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Atrazine

Toxic Tuesdays

CHEJ highlights several toxic chemicals and the communities fighting to keep their citizens safe from harm.

Atrazine

Atrazine is one of the most common herbicides used in the United States, with over 70 million pounds applied to crops each year. Used mostly in large scale agriculture of crops such as corn, sugarcane, and pineapples, atrazine is the most widely detected herbicide in drinking water. Figures vary, but a conservative estimate puts measurable levels of atrazine in the drinking water of nearly 30 million Americans in 28 states. With so many people exposed to this compound, it is worth examining any potential effects it may have on people.

Atrazine seems to have three ways of harming human health. Firstly, research suggests it alters the levels of key hormones animals. In male frogs, for example, atrazine has been observed to trigger the development of female sex characteristics. In a more recent study, abnormalities in the male reproductive organs of marsupials exposed to atrazine have been documented. Secondly, atrazine seems to have detrimental reproductive effects. There are significant associations between exposure to the herbicide and effects such as increased risk of miscarriage, reduced fertility, low birth weight, and increased chance of birth defects. Finally, there is evidence that atrazine could have carcinogenic effects. Animal studies have found a strong connection between atrazine and breast cancer. More research is required to see if this connection holds in exposed human populations.

Atrazine levels in drinking water are capped at 3 micrograms per liter (µg/L) by the EPA. This Maximum Contaminant Level (MCL) as it is termed, however, is not based on health protective data, but on feasibility considerations for public water treatment systems. The state of California has developed entirely health-based protective values that are much smaller – 0.15 µg/L. This value should be the benchmark for drinking water systems, especially those in the Midwest where seasonal spikes of atrazine of more than 6 times the MCL have been recorded.

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Wildfires

Toxic Tuesdays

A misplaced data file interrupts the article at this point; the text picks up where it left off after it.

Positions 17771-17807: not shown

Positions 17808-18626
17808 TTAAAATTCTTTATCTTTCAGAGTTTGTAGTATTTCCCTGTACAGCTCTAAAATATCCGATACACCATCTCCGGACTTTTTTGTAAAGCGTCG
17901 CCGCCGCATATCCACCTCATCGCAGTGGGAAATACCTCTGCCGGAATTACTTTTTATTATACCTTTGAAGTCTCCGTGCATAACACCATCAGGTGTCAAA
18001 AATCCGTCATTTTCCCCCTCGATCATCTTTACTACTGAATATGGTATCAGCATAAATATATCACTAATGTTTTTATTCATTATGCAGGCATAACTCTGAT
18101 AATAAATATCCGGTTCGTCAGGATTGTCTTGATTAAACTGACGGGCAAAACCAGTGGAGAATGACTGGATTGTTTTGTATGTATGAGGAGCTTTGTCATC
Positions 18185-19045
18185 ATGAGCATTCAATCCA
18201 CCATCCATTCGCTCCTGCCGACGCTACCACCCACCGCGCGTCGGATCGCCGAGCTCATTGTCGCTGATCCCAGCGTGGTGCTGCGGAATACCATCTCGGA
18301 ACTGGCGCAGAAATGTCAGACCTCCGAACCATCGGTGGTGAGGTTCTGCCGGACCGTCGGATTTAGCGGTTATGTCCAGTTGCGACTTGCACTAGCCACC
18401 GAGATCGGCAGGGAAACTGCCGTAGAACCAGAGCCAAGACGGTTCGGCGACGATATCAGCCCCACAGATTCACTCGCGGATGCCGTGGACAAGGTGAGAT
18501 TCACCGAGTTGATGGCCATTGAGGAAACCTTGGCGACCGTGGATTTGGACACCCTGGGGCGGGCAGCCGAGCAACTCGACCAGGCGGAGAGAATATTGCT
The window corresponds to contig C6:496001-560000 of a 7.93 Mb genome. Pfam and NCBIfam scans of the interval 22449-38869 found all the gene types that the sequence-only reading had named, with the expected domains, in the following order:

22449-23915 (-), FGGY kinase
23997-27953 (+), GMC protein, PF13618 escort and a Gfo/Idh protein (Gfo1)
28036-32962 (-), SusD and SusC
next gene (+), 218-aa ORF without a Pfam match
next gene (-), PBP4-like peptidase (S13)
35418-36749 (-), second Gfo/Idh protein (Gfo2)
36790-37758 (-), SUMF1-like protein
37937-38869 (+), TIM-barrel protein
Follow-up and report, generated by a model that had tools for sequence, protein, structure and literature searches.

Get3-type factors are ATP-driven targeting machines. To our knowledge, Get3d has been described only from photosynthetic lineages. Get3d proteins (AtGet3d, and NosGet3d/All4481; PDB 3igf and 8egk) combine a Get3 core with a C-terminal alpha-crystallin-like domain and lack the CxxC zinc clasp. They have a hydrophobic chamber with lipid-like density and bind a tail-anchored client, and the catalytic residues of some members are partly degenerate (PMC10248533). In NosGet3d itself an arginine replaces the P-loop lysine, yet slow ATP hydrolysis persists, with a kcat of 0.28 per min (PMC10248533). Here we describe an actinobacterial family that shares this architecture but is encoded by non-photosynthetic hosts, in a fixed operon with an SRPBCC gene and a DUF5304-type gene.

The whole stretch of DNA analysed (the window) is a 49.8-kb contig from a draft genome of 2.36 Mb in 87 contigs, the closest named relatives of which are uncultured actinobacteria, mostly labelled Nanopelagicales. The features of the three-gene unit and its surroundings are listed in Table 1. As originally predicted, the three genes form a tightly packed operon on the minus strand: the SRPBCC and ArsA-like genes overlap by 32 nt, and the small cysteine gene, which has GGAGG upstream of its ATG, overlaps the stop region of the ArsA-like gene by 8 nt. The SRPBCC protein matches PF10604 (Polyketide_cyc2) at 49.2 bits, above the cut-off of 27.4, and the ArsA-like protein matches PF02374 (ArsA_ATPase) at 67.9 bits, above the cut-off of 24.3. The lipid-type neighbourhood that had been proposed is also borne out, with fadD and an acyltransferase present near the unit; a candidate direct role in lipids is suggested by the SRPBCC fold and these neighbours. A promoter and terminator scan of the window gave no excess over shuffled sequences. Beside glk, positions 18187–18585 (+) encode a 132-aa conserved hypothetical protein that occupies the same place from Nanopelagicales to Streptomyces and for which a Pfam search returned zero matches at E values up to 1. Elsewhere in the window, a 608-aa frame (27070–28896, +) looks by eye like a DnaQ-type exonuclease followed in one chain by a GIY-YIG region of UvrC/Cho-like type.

CHEJ highlights several toxic chemicals and the communities fighting to keep their citizens safe from harm.

Wildfires

With news of the massive wildfire outside California’s Yosemite Park covering over 18,000 acres of land in June 2022, we wanted to talk about the problems associated with forest fires and pollution. Wildfires are destructive in their own right but are not what one would typically consider a source of pollution. Fires serve many natural purposes – they clear dead organic materials from forests and return valuable nutrients to the soil for instance. But when they reach large proportions and burn uncontrollably, they can release a number of air pollutants that decrease air quality and can cause significant health problems in nearby communities.

A number of air pollutants can be released from wildfires. Heavy metals like lead, zinc, and manganese have been found in elevated levels in the air and in the soil after wildfires, especially in areas that contained man-made buildings and other structures. Nitrogen oxides, a widespread air pollutant that has national air quality standards for indoor air, can be released in significant quantities during a forest fire. These chemicals can cause several respiratory problems such as increased inflammation of the airways, cough and wheezing, and reduced lung function.

Perhaps the most serious health threats from forest fire pollution comes in the form of particulate matter pollution. Particulate matter is a mix of very tiny solid and liquid particles suspended in air. These particles range in size but can be so small that they can enter a person’s lungs and remain lodged deep inside them. The health effects associated with this form of pollution are similar to those of nitrogen oxides. Short term effects such as eye, nose, throat, and lung irritation; coughing; sneezing; runny nose; and shortness of breath are common. In the long-term, severe effects like chronic bronchitis, reduced lung function and increased mortality from lung cancer and heart disease have been observed.

The drought currently being experienced by California and much of the continental US is fueling fires like the one outside Yosemite, and we can only expect more in the future. Climate change driven by human activity is creating these drought conditions and in turn making wildfires like this one much more common occurrences. The pollution created by these fires in turn will affect those that cannot afford to move to avoid it, who more often than not are low-income and minority communities. We need to be conscious that the emission of greenhouse gasses by industry is not just a problem that will affect us and our children in the future, but is something that is killing people now.

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Flooding

Toxic Tuesdays